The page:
Where does shellac come from?
The story of shellac starts with a small scaly insect in India that is attracted to the twigs of several species of tree. The bugs suck the sap from the tree for nourishment and as part of their reproductive process excrete a resin to protect themselves and their eggs. This resin is called lac and is the raw material used to make shellac.
Huge insect populations build up thick layers of resin covering the branches and twigs of the trees. This resin is harvested and cleaned of debris.The resin is then washed to further clean it and remove much of the natural dye. For many years, this dye was used commercially.
Traditionally, the lac is processed by manual labor to make the shellac. The lac is placed in long cotton fabric tubes and heated over a covered fire. The fabric removes any residue, and clean lac passes through it. While still warm, the clean lac is pulled and stretched into large sheets, which are broken into flaked shellac after cooling. Globs of the hot lac are scraped from the cotton tube and dropped onto a hard flat surface to form buttons for buttonlac.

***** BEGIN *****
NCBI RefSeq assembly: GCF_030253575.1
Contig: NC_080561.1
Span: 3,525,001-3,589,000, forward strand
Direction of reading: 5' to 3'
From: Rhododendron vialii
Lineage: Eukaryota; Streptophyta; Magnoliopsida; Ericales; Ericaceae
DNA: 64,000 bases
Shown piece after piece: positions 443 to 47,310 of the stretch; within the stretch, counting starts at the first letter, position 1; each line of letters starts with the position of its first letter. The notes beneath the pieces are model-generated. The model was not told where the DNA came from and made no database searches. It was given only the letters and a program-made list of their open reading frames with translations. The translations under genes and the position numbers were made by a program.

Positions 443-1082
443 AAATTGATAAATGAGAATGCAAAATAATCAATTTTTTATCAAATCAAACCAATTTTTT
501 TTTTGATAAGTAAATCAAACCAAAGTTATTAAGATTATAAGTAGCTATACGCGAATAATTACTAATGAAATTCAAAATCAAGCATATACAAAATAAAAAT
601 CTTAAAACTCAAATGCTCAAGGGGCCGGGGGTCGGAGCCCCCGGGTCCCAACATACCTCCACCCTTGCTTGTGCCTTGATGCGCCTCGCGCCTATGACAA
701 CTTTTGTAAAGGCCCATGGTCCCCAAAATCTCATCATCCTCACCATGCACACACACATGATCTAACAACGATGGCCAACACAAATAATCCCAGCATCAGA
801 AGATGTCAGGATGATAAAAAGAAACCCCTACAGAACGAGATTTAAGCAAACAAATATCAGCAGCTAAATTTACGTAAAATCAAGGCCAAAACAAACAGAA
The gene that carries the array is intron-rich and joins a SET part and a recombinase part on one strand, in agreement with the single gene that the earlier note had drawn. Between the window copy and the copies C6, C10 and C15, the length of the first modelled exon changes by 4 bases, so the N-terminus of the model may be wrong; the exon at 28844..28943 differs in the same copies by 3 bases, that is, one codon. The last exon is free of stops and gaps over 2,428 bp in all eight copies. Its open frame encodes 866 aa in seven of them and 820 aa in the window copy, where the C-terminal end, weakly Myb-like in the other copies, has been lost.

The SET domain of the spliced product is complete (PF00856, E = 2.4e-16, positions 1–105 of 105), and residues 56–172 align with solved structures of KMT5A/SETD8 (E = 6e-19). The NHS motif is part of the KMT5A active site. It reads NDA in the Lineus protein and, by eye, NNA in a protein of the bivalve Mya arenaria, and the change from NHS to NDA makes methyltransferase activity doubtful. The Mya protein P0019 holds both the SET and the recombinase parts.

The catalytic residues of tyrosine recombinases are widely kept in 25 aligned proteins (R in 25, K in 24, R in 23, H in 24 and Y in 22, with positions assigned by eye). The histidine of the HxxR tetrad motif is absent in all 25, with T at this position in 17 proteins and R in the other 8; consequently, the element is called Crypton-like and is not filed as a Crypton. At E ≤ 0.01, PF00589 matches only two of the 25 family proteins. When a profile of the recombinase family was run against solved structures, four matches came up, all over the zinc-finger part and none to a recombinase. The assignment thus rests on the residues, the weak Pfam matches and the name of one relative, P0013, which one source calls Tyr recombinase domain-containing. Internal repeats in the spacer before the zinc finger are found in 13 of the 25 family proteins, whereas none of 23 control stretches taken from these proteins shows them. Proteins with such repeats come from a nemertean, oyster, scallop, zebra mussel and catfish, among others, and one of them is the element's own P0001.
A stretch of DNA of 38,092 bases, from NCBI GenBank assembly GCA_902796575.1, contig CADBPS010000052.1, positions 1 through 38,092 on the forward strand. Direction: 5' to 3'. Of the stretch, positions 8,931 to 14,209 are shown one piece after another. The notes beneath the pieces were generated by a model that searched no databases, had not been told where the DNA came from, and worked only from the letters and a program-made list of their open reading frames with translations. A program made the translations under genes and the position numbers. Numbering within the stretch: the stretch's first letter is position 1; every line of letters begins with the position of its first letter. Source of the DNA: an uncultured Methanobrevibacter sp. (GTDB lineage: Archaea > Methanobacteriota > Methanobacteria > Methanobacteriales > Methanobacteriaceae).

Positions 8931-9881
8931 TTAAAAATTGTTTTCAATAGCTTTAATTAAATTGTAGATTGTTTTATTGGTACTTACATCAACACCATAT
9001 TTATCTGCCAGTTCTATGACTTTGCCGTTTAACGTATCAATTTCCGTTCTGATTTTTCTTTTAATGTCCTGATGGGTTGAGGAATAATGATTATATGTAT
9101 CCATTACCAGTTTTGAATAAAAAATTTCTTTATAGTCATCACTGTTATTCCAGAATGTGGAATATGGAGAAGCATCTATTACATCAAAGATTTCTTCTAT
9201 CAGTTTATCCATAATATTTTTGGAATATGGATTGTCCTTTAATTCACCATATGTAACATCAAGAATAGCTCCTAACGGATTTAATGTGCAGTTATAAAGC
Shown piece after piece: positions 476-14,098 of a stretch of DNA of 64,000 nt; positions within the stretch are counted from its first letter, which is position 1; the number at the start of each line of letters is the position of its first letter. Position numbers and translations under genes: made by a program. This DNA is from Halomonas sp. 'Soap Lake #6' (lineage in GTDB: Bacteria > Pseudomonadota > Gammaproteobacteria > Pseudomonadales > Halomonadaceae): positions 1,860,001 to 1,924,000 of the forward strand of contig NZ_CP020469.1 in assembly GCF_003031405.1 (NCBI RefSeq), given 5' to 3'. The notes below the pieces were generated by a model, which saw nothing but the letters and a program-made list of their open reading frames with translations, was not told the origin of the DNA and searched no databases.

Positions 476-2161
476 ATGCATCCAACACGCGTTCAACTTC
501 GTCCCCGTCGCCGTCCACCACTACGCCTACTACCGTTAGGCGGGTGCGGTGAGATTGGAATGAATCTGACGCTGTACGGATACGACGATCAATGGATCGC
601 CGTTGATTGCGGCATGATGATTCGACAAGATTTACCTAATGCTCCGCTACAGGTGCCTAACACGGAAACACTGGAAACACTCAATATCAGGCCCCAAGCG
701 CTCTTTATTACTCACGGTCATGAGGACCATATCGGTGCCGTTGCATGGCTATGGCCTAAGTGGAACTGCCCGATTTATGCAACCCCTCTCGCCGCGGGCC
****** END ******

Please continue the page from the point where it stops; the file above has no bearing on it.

Modern methods include heating the lac until it is molten and hydraulically forcing it through filters. It is then pressed into thin sheets and broken into flakes after it has cooled. This process gives to the waxed grades of shellac.
Another method involves dissolving the lac in alcohol and filtering the solution. The solution is run through driers, where the alcohol is evaporated and recovered, and the shellac is pressed into sheets. This method produces the dewaxed varieties of shellac.